Tuesday, June 14, 2011

$6.6 Billion Shipped to Iraq Alleged Stolen; Possibly “Largest Theft of Funds in National History”

IRAQ to sue the U.S. government & DOD for misplacing U.S. $6,600,000,000 over the past decade

That seems appropriate, i.e. for the U.S.A. and its officials to be held responsible for thievery and incompetence leading to loss of U.S. $6,600,000,000 between 2003 and now. Any American who had that much money misplaced by a bank would have to do the same. –KAS

$6.6 Billion Shipped to Iraq Alleged Stolen; Possibly “Largest Theft of Funds in National History”

Federal auditors now believe as much as $6.6 billion earmarked for Iraq might have been stolen in the early years of the Iraq war in what is now being described as possibly “the largest theft of funds in national history.” Between 2003 and 2004, the United States shipped $12 billion in cash to Iraq in what was the biggest international cash airlift of all time. For years, the Pentagon has been unable to account for where more than half the money went. The Los Angeles Times reports Iraqi officials are now threatening to go to court to reclaim the money, which came from Iraqi oil sales, seized Iraqi assets and surplus funds from the United Nations’ oil-for-food program.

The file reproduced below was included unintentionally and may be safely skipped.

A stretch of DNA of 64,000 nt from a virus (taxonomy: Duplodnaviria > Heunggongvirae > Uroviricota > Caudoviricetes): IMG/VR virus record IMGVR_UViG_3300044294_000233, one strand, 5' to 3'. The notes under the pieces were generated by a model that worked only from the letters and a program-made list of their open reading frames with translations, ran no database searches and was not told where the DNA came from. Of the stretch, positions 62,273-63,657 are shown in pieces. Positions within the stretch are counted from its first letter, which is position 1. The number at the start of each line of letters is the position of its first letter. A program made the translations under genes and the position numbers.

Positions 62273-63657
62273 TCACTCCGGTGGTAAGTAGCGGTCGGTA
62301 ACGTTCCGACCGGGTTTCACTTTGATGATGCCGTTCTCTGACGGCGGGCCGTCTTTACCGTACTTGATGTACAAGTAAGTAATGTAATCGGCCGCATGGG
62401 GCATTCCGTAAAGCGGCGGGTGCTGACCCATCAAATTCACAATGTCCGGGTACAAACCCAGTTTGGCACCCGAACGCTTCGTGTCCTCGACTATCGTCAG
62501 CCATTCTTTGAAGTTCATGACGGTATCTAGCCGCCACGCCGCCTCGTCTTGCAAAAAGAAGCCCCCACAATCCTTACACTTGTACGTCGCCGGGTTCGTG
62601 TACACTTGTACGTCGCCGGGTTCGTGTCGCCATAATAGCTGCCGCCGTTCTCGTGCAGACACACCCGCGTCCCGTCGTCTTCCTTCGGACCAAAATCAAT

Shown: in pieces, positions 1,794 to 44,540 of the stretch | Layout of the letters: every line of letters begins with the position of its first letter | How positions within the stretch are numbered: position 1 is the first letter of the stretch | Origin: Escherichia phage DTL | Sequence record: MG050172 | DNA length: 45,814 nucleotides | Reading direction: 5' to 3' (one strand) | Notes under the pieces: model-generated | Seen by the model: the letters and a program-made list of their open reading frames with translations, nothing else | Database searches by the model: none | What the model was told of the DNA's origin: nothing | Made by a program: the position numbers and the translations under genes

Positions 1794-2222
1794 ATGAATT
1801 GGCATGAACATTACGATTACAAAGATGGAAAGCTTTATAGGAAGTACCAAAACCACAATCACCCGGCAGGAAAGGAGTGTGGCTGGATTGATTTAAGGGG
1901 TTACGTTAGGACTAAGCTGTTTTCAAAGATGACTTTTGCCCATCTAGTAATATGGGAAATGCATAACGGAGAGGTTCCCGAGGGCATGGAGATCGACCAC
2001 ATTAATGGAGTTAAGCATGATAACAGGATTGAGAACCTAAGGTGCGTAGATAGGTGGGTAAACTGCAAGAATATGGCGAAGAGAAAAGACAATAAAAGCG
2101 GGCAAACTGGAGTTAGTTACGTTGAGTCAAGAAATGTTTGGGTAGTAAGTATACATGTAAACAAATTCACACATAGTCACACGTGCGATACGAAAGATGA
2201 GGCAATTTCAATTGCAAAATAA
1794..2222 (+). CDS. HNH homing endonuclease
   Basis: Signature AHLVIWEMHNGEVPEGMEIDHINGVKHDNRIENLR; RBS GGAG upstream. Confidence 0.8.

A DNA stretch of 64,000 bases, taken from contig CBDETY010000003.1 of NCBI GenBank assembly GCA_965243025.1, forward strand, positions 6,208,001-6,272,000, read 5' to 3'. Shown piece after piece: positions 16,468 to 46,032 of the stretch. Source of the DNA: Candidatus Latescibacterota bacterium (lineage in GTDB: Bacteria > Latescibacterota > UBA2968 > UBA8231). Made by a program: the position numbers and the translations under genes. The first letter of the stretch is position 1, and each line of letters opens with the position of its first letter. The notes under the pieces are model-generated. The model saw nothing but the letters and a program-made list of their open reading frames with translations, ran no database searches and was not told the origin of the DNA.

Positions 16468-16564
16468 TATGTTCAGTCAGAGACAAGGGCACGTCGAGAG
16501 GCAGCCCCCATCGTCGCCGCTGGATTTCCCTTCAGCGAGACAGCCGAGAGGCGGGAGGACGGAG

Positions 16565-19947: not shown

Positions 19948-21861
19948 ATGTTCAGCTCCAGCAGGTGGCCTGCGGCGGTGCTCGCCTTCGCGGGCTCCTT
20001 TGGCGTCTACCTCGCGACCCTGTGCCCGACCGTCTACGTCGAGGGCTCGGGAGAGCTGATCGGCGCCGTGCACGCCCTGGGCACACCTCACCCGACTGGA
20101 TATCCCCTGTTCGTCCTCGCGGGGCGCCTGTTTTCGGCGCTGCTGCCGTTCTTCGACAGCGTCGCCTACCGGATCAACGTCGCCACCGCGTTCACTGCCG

http://www.democracynow.org/2011/6/13/headlines#6

NOTE

Looking at the Canadian citizen’s inability to received justice in USA courts over the past decade for being sent to Syria by the USA government for torturing in 2002-2003, I am skeptical that USA courts are and will be fair in Iraq’s case.–KAS

http://www.democracynow.org/2011/6/13/syrian_troops_pursue_scorched_earth_policy

AMY GOODMAN: Maher Arar… was the victim of U.S. extraordinary rendition. He was seized at Kennedy Airport, sent to Syria in 2002, where he was held in a tiny underground cell for almost a year. He was tortured, physically, psychologically. Ultimately, the Canadian government awarded him more than $10 million. He now continues to live in Canada with his family. His wife ran for public office, where Maher Arar is a human rights advocate today.

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